More often that not, my desk is my pocket. But everyday desk items doesn't have the same ring.
Nice review. I'd consider this a pocket pen. Some times the design elements of Chinese pens don't seem to fit with the overall design. Could be trying to use existing bits or maybe accommodating manufacturing limits or to meet a price point. Overall I am very happy with the great variety of models we can write with. Quality definitely getting better.
Fuliwen is not a pen brand I'm overly familiar with. It's been covered in Frank Underwater's blog and this particular pen, dubbed the Sceptre, has been reviewed by chrisrap52, WaskiSquirrel and Aaron's Pen Videos on YouTube.
I didn't pay much attention to the Fuliwen 016 when it was released last year. Frankly, I haven't been that adventurous in seeking out pens in more unusual colors. But I was reminded recently that this is faceted pen and that renewed my interest. I decided to jump - and go the full Monty - and ordered the Koi version. The pen was just over US$18 plus shipping on Taobao.
Here's what I got. From other reviewers it seems sometimes different things come in the box. I have also noticed that the nib unit with my pen is different from others. It extends further from the section so the pen is presumably a little longer.
The Fuliwen 016 has much to like. First and foremost, it's big enough to write with unposted. And it posts very well. Better than the Moonman M100 by a good margin and better even than the Moonman N3. It posts securely, no wobble at all.
For a slim pen, it feels great in the hand. Everything is smooth. The edges of the facets are rounded to the point that they are easy to miss. The section is long and the metal threads above the section are not sharp in the least.
This is a pen that's easy to grip just about anywhere. It has a refined, welcoming feel in the hand.
Subtle as they are, I do really like the facets. They add a sophisticated touch. The six sides gradually taper to round from the ends. Where the cap meets the barrel the pen is round. While this avoids alignment problems, it also means that the pen still actually rolls on flat surfaces! Oh well.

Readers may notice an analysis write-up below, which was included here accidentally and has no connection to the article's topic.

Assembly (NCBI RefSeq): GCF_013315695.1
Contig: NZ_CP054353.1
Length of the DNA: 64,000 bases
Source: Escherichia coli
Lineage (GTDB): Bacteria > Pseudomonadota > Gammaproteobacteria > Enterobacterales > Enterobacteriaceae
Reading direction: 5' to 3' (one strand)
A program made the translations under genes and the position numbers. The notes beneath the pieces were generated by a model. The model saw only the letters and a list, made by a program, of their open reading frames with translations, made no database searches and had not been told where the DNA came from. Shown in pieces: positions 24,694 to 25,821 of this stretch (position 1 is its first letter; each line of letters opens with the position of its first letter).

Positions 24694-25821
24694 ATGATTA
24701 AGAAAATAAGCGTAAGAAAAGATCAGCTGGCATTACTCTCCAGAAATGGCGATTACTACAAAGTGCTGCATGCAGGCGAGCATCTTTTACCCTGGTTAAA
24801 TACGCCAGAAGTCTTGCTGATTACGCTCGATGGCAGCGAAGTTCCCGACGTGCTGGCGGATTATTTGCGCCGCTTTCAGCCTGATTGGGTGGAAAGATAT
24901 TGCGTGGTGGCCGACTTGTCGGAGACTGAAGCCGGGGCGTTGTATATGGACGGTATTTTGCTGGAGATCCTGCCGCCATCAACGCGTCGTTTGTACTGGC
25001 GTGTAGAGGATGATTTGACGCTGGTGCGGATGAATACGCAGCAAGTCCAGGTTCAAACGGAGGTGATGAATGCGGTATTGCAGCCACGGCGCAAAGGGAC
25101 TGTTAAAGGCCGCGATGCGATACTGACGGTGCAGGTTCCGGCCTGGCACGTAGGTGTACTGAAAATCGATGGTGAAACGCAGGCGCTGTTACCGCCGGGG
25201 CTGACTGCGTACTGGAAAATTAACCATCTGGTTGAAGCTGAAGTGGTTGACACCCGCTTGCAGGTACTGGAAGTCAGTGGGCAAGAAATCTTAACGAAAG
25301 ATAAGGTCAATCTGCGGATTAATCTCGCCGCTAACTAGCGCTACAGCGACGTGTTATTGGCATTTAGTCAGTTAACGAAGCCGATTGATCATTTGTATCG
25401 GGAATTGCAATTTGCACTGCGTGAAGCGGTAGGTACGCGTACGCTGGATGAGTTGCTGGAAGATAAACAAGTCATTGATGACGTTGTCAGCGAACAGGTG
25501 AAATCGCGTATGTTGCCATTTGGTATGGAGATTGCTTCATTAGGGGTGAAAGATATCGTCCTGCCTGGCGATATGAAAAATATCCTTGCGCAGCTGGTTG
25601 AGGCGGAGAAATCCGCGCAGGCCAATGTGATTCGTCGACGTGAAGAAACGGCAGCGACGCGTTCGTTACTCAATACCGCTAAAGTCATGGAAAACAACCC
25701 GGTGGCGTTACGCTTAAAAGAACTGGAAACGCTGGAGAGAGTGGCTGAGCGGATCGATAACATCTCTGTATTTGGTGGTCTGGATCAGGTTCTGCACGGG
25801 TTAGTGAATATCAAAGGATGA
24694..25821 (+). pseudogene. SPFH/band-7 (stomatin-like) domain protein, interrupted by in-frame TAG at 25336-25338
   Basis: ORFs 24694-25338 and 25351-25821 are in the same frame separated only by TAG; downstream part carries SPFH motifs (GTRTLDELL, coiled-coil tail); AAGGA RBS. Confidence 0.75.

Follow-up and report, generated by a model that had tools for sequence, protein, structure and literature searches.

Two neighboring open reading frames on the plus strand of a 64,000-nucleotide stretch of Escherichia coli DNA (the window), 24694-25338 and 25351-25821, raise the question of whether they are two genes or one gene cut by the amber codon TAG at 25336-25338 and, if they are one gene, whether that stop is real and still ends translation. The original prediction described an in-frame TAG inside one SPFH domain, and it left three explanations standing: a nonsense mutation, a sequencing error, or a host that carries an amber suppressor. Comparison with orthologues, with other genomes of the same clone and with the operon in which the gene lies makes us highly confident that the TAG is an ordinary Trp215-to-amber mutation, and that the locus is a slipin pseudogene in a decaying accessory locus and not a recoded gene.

Like the Moonman N3, the cap features a metal emblem with the Fuliwen F logo. From a design perspective I find it a little lacking. It's the biggest miss on the pen.
Overall the construction and finishing of the pen is top notch. The cap is thin and comes off in under 1½ turns. The metal threads on the section and barrel are perfect.
The converter works smoothly and doesn't rattle in the barrel.
Somewhat unusually, the pen is offered with a M nib. That's what I chose.
Pen on Paper
I filled the pen with J. Herbin Orange Indien - my only orange ink - but also one of my most difficult. It lived up to its reputation and was, well, difficult. Stingy flow and a less than satisfying line.
So I went to tinker with the nib. With a little work, I was able to extract the nib and feed out of the nib unit without breaking anything. Always a good sign. I flossed the nib, gave everything a good clean and refit the nib. The pen was only marginally better.
So I changed inks, abandoning any pretense of matching the ink to the pen, and filled it with Noodlers Air Corps Blue Black. Bingo. The pen became a wet and generous M.
That prompted me to engage in some ink research and a trip to the pen store. I picked Diamine Vermillion as the kind of red-orange I wanted to try. Another bingo! This is a match I can live with.
An Exemplary Slim Pen
Over the past couple of weeks, I've come to regard the Fuliwen 016 as a near perfect example of a slim pen. It is extremely comfortable in the hand and writes equally well posted and posted. I love how securely it posts. The lack of a clip is of no matter. Maybe even a plus.
I've never had a hard start and, once I found a friendly ink, it writes like a champ. (I can't say whether my tinkering with the nib made things better but figure it did.) The nib unit comes apart easily for cleaning and goes back together in just one way, making it a snap to reassemble the same way each time.
It takes standard international converters so you can go between colors even faster. To my pleasant surprise, a Moonman #5 nib unit swaps in perfectly. Fitting a different #5 nib should also be no problem, though I haven't tried that yet.
Despite all it has going for it, the pen does feel a little like a throwback. Part of that is the materials. As much as I have come to grok the koi color, for me it somehow points backwards rather than forwards. Part of it, I think, is the gold trim. The big Fuliwen "F" on the finial tells me this company is on the way to a re-brand but hasn't quite gotten there yet. Given the semi-transparent nature of the acrylic, it would be nice if Fuliwen used a transparent nib unit. It would make the business end of the more consistent with the larger feel of the pen.
But, all-in-all, I'm in. The Fuliwen 016 Sceptre passes with near full marks. I'd recommend it to anyone looking for a slim pen.